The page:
4th Sunday of Easter – A choice between two Empires
My sheep hear my voice. I know them, and they follow me.
Of the three virtues that Paul names as over and above all, faith and hope and love, it is love that he names as the greatest. In many ways faith is not only a gift but also as an act of will. We can now see what the disciples later came to perceive, that mutual love is the hallmark of the Christian community, and without it the community cannot claim to be Christian at all. However, this love must extend beyond the demands of mutual dependence and reciprocal service, one hand washing another. It must extend beyond the group that merely cares for its own members and reach out to those beyond its boundaries and notions of what is fitting, included, or acceptable or worthy. Former Archbishop of Canterbury William Temple once said ‘The Church is the only society that exists for the benefit of those who are not its members’. But if we believe this do we truly live out the logic of that statement?
Today’s gospel is a rather curious reading.
You might get the feeling that underneath the words on the surface there is a sub-agenda. And you would be right. On the face of it, the rather convoluted words appear to say one thing, but something else is actually taking place. Because John is drawing together some loose threads in this final narrative, this epilogue of his gospel. The main action concerns the relationship between Jesus and Peter – something needs to be put right, something needs healing; but in the background there is also ‘the beloved disciple’. The relationships are clearly complex, at times anxious, perhaps needy, certainly all too human. What can we learn from the episode itself, and the lives that the disciples then go on to lead?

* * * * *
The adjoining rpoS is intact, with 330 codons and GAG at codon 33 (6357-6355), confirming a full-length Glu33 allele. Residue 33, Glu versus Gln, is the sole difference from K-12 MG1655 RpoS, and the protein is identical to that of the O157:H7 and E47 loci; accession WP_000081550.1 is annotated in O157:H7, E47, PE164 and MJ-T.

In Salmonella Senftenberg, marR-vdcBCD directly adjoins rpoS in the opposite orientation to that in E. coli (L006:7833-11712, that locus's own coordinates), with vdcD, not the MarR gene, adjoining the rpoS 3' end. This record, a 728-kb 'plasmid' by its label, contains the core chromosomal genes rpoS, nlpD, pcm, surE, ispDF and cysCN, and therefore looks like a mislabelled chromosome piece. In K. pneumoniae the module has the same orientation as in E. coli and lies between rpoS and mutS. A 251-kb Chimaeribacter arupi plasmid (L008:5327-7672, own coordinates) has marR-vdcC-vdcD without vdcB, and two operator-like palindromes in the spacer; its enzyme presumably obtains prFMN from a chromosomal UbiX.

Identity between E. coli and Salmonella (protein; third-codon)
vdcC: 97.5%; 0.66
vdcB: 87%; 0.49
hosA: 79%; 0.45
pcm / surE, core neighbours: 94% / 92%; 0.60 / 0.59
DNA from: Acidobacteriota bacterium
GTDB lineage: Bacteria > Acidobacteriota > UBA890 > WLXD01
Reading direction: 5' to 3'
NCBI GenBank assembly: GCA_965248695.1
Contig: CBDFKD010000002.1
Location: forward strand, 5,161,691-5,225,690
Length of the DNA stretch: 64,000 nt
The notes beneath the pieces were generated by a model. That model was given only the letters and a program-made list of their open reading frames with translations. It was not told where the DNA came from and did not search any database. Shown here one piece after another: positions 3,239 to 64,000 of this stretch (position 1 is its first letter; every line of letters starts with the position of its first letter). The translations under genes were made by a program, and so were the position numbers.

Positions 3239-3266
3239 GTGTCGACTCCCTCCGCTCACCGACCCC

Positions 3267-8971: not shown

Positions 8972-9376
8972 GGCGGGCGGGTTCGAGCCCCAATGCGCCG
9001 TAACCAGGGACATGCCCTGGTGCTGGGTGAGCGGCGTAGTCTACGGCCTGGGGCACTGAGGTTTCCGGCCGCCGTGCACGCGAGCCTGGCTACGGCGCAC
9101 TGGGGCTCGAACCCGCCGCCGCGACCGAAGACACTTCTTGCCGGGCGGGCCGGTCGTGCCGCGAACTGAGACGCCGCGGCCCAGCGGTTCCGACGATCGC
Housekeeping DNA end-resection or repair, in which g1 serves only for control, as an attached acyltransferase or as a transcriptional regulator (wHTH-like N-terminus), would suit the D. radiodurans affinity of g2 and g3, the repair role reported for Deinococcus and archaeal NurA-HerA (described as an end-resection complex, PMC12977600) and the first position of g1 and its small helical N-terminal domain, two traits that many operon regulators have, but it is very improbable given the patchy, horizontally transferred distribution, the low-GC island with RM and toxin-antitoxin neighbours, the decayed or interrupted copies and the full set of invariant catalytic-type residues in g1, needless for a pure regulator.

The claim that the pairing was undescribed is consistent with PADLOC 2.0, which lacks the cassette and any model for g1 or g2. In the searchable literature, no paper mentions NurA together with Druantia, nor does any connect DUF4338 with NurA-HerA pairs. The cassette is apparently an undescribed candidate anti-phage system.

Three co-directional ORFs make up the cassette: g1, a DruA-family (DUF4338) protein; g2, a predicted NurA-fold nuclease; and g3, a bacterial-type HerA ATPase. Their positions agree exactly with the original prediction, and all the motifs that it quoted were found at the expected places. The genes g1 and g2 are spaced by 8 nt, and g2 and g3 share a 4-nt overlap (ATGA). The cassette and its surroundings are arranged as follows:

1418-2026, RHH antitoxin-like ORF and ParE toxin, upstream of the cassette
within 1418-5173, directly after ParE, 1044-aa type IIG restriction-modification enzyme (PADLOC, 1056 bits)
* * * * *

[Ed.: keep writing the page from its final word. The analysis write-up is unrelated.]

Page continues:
On one level one could interpret today’s Gospel as being about doubt. After all the expression ‘Doubting Thomas’ has become a well-known saying – this episode in his life is in danger of defining and confining him to a stereotype – an object of scorn or at least disapproval.
But is this really an accurate impression or is it merely a cardboard cut-out, one-dimensional portrayal of the real man. What do we really know about him, and the entirety of his life? And if there is more, much more to the story, then what can we learn, about him, and about ourselves?